🎧The Real Deal about Real Estate and REITs - with Phil Bak
Did you know Real Estate Investment Trusts (REITs) don't always invest in real estate?
Hi! It’s George from Investorama, your guide to the future of investing - without the hype.
Below I’m sharing a few highlights from my latest podcast conversation: a fascinating deep dive into real estate with Phil Bak, the CEO of Armada ETFs, the company behind ‘HAUS’, an actively managed exchange-traded fund that invests in publicly traded REITs.
The Real Estate asset class for individual investors
Real estate is the world’s most important asset class.
At over $200 trillion in value, global real estate is more significant than all the shares and bonds combined.
For most of the Western world, that’s where the majority of our wealth is locked in. For example, in the US, the top 10% controls nearly 90% of the stock market, while the bottom 90% owns more than 55% of the housing market:
Ownership of residential real estate is more widespread than stocks and bonds. Yet at the same time, it’s classified as an alternative asset class (like anything that’s not listed shares and bonds).
But it’s also our home, with all the emotional attachment that goes with it. And that means that for better or worse, we don’t always think about it in purely financial terms. Yet, a property's purchase (and sale) is the most impactful financial decision for the middle class.
Property is an asset class we see differently and perhaps less rationally. But we want to look at it from a financial perspective here.
One of its most striking characteristics is that its value doesn’t go to zero. (Even if your house disappears in a fire or earthquake, there’ll normally be some insurance compensation).
From a portfolio perspective, Phil reminded me that many investors are overallocated to their personal homes, sometimes with zero diversification.
REIT doesn’t mean “real” real estate.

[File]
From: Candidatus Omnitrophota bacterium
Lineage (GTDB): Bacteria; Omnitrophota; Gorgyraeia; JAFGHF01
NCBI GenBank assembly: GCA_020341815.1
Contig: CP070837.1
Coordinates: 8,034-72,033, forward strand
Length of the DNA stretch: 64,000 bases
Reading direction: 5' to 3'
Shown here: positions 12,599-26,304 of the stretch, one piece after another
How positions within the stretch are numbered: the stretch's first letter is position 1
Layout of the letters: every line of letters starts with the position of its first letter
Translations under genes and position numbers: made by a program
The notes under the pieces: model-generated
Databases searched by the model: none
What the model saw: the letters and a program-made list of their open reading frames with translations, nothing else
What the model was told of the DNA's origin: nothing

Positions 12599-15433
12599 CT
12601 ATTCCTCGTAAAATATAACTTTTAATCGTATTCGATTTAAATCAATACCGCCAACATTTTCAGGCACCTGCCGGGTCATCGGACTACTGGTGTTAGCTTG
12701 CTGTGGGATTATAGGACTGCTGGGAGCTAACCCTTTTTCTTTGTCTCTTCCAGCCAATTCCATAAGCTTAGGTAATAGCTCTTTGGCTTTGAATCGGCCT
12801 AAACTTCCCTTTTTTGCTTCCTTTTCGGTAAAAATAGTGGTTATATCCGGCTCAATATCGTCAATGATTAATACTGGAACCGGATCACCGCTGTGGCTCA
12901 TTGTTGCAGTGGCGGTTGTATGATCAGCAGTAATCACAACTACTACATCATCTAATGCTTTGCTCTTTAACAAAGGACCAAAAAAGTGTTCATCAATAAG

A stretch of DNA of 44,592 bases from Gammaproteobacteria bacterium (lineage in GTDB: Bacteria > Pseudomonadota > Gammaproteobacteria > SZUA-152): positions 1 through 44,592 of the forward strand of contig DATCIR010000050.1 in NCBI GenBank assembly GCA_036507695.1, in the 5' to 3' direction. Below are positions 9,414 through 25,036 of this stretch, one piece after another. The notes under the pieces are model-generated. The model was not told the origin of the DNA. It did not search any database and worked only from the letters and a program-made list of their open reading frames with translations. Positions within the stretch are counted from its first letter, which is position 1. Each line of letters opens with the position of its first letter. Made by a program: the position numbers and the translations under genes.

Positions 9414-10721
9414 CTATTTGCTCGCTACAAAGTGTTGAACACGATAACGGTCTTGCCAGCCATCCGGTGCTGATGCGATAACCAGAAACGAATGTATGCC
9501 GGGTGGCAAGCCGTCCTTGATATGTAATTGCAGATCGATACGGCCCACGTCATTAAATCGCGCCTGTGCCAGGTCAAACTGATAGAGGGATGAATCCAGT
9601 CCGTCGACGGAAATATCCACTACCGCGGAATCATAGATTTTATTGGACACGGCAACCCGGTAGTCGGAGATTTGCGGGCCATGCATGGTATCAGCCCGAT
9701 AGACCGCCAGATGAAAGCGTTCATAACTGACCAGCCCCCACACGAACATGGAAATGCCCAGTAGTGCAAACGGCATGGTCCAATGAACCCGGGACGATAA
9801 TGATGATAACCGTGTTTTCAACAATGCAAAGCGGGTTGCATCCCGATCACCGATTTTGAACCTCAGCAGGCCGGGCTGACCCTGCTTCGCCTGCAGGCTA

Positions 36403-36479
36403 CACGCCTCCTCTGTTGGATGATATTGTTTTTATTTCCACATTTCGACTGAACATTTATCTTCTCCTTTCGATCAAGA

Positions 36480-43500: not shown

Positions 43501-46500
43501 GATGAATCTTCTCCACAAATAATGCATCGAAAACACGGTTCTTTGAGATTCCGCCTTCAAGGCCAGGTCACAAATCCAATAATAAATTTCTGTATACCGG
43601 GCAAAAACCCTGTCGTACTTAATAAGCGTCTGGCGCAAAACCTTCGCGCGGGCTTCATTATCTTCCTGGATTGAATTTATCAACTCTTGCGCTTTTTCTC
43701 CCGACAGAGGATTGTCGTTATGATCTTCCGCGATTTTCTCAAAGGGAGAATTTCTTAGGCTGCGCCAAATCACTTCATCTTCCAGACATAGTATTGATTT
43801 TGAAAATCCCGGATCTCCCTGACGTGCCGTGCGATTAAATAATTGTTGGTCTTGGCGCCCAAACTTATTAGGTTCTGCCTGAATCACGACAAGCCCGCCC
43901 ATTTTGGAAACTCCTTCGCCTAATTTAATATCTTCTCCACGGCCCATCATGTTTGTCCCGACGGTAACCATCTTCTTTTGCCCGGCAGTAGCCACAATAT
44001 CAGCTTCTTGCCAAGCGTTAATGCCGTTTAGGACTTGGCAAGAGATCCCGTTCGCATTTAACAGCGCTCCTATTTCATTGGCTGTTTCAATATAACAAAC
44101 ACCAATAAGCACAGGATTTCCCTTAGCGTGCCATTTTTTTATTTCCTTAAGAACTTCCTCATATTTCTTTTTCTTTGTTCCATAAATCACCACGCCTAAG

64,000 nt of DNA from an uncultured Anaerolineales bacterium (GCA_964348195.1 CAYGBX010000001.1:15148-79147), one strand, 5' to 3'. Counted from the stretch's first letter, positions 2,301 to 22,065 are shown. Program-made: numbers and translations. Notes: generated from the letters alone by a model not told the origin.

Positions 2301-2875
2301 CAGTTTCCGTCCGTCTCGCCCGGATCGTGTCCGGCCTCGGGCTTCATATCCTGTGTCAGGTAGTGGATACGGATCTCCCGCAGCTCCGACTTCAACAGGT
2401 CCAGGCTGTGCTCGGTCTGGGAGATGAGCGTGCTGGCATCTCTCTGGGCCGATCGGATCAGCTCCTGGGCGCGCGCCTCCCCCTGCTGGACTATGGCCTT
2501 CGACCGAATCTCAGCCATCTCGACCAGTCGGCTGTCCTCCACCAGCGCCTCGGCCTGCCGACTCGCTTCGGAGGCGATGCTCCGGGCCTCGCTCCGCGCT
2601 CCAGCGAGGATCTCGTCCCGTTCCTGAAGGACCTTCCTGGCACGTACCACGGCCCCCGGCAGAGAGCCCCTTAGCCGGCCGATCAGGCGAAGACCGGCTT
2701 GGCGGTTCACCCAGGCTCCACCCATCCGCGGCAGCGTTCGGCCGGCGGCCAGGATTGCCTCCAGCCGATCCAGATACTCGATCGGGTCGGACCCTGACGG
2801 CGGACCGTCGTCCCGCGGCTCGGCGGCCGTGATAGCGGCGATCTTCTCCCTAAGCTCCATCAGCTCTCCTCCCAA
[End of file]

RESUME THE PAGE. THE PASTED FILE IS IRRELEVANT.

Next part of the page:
REIT stands for Real Estate investment Trust. However, the definition of what is real estate has been expanding as more and more types of companies try to take advantage of the benefits of the REIT tax structure. Now data centres, cell towers are big category of REITs. Anything from student housing, senior housing, facilities, hospitals, all sorts of different products are now categorised as REITs. And that's great if that's what you're looking for, but what I want to warn investors is: Just because it says it's a REIT doesn't mean that you're getting real estate.
And within real estate, different categories may be heading into different paths. Phil was particularly cautious about office spaces, as they may never return to pre-COVID occupancy rates.
The correlations between the different sub-sectors of REITs are very low, meaning that they trade differently than themselves. They're different economies within the REIT world. So where within REITs would you want to be in a more difficult market environment? And for us, that answer is very clearly in the residential space because the residential REITs are generating their income through rents paid.
We also discussed in-depth Blackstone’s BREIT:
I feel like this fund is now standing on the edge of a cliff, at a precipice, right? Not through mismanagement, quite the opposite, right? Through their success, they are, in fact a victim of their own success. And how does that happen? Well, embedded in this fund is a lot of leverage, and they have raised a tremendous amount of assets. And they own about 120 billion worth of real estate. And they've had so much success and so many assets coming in that they've been buying all along the way, and all along at the top.
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